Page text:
July 3, 2017

This week has been dedicated to records: parsing, simplification and (a bit of) typing.

Summary of the week

Parsing of records

Nothing really fancy here: I've extended the parser to support records, record patterns and record type annotations.

The record and record patterns are exactly the same as in plain Nix − except that they may contain type annotations. The record type annotations looks similar to records: { field_1; ...; field_n; } or { field_1; ...; field_n; ... }. The fields may have the form field_name = type or field_name =? type. The first one means that the field named field_name has type type and the second one that the field named field_name is optional and has type type if present.

Note that contrary to records, the field names can't be dynamic (this wouldn't really make sense), and the syntactic sugar x.y.z = type isn't available. The trailing semicolon is also optional.

For example, the record

{
  x = 1;
  y = {
    z = true;
    k = x: x + 1;
  };
}

has the type

{
  x = Int;
  y = {
    z = Bool;
    k = Int → Int;
  }
}

and the function

{ x /*: Int */, y /*: Bool */ ? true, ... }: if y then x else x+1

has the type

{ x = Int; y =? Bool; ... } → Int

Simplification

Nix has a special syntax for defining nested records:

{
  x.y = 1;
  x.z = 2;
}

Although this syntax is really practical, we can't directly work on such a representation, and we must transform a record such as the previous one into something of the form { x = { y = 1; z = 2; }; }.

This is a rather simple task in the general case, but happends to be impossible as soon as some field names are dynamic: How may one know whether { ${e1}.x = 1; ${e2}.y = 2; } is a record of the form { foo = { x = 1; y = 2; }; } or of the form { foo = { x = 1; }; bar = { y = 2; }; }?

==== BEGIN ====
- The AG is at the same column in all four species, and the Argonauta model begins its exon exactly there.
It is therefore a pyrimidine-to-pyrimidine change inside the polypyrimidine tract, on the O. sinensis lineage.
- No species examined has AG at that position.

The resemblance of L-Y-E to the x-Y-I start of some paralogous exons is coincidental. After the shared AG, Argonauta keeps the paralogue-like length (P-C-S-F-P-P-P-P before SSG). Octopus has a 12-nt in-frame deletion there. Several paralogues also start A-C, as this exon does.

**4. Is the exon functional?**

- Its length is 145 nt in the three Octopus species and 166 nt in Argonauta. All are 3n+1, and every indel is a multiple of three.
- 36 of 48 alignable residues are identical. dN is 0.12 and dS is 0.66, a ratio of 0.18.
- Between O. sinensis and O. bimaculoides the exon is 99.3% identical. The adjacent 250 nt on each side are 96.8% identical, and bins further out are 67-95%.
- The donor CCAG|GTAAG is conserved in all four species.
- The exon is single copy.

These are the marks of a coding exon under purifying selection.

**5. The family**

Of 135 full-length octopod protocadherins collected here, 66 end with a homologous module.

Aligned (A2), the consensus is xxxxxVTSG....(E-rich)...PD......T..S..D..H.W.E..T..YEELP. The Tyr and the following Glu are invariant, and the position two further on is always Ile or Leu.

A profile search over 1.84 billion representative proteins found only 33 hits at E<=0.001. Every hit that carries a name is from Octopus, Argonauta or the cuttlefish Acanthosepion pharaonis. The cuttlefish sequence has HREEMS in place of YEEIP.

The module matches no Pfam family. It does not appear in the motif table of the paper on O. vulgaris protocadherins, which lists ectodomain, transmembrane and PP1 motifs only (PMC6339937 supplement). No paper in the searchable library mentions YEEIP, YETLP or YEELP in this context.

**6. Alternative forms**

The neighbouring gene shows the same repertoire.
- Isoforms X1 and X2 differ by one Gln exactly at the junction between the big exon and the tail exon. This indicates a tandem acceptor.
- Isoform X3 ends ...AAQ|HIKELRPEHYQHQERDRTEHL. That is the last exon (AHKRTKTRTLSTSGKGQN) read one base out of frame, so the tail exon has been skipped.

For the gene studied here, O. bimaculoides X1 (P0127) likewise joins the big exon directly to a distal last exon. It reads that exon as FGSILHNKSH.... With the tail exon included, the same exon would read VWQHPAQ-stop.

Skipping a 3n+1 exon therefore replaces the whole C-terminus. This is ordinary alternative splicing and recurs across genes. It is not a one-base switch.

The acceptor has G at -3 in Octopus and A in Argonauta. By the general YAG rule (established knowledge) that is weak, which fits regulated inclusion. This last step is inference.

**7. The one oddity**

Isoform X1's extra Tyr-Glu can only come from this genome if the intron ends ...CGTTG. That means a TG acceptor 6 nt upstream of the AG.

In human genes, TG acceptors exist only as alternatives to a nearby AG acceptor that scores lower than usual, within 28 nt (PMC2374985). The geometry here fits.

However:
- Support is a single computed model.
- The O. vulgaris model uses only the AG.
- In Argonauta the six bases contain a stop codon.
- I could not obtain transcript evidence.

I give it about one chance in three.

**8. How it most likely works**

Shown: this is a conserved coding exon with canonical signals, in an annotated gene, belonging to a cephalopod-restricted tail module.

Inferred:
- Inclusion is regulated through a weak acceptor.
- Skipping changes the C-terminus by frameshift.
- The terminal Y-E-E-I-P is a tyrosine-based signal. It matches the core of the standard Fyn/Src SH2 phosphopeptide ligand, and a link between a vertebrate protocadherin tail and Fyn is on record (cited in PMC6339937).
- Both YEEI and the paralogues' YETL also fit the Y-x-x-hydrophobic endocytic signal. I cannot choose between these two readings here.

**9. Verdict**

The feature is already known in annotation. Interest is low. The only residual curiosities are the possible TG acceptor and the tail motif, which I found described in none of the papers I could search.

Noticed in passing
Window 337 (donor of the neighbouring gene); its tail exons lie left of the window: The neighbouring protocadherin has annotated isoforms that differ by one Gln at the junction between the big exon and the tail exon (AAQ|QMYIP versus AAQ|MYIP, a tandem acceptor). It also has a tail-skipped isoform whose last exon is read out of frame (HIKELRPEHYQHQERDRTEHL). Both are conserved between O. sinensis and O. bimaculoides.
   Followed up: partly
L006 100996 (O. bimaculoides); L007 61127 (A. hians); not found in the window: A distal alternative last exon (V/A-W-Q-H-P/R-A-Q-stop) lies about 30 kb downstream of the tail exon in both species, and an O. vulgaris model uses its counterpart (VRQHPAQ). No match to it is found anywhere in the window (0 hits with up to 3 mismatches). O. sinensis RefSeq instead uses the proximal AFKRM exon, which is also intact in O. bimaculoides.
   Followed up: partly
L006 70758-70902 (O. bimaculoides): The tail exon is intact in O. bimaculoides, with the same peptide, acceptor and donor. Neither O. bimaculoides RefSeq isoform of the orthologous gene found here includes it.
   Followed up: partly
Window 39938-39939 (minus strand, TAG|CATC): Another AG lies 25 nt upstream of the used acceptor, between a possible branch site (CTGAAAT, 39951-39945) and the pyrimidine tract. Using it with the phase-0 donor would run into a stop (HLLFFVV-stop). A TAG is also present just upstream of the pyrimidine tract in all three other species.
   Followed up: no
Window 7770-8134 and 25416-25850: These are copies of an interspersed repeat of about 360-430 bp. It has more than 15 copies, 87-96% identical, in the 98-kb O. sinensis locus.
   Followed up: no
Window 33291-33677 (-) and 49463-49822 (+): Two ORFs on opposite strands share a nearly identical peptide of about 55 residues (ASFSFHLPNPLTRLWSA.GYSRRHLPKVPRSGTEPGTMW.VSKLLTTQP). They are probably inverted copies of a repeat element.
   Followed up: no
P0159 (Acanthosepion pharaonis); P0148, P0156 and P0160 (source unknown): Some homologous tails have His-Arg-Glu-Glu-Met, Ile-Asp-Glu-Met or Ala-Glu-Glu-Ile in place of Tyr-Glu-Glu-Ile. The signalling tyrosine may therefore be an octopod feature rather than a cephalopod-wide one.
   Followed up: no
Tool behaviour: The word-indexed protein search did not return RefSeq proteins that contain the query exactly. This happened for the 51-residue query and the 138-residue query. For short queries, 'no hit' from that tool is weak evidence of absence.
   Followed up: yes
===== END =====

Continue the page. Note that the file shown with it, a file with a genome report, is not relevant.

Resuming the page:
So we have to be careful while treating them. Currently, I simply assume for the sake of simplicity that no conflict will occur (i.e. that the previous example will correspond to { foo = { x = 1; }; bar = { y = 2; }; }, but this is obviously wrong in the general case, so I'll have to add more subtlety in the future.

Typing of record patterns

The two previous points took me quite a long time (worse that what I expected to be honest), so I just began the actual typing work. I however got enough time to type the record patterns (which isn't really useful while I can't type record literals, but still).

More on this next week, because it makes more sense to present the whole record typing at once.

Next steps

Time flies, and I already have only two months left (minus some holidays that I'll have to take for my own sanity) until the end of my internship (my defense is planned on September, 1st). I plan to continue my work on this − and hope other people will join me once it reaches an advanced enough state − but I won't be able to be full-time on it, so it will likely advance much slower (hence I want to do as much as possible while I can spend all my days on it).

So here's a quick plan of what remains to do:


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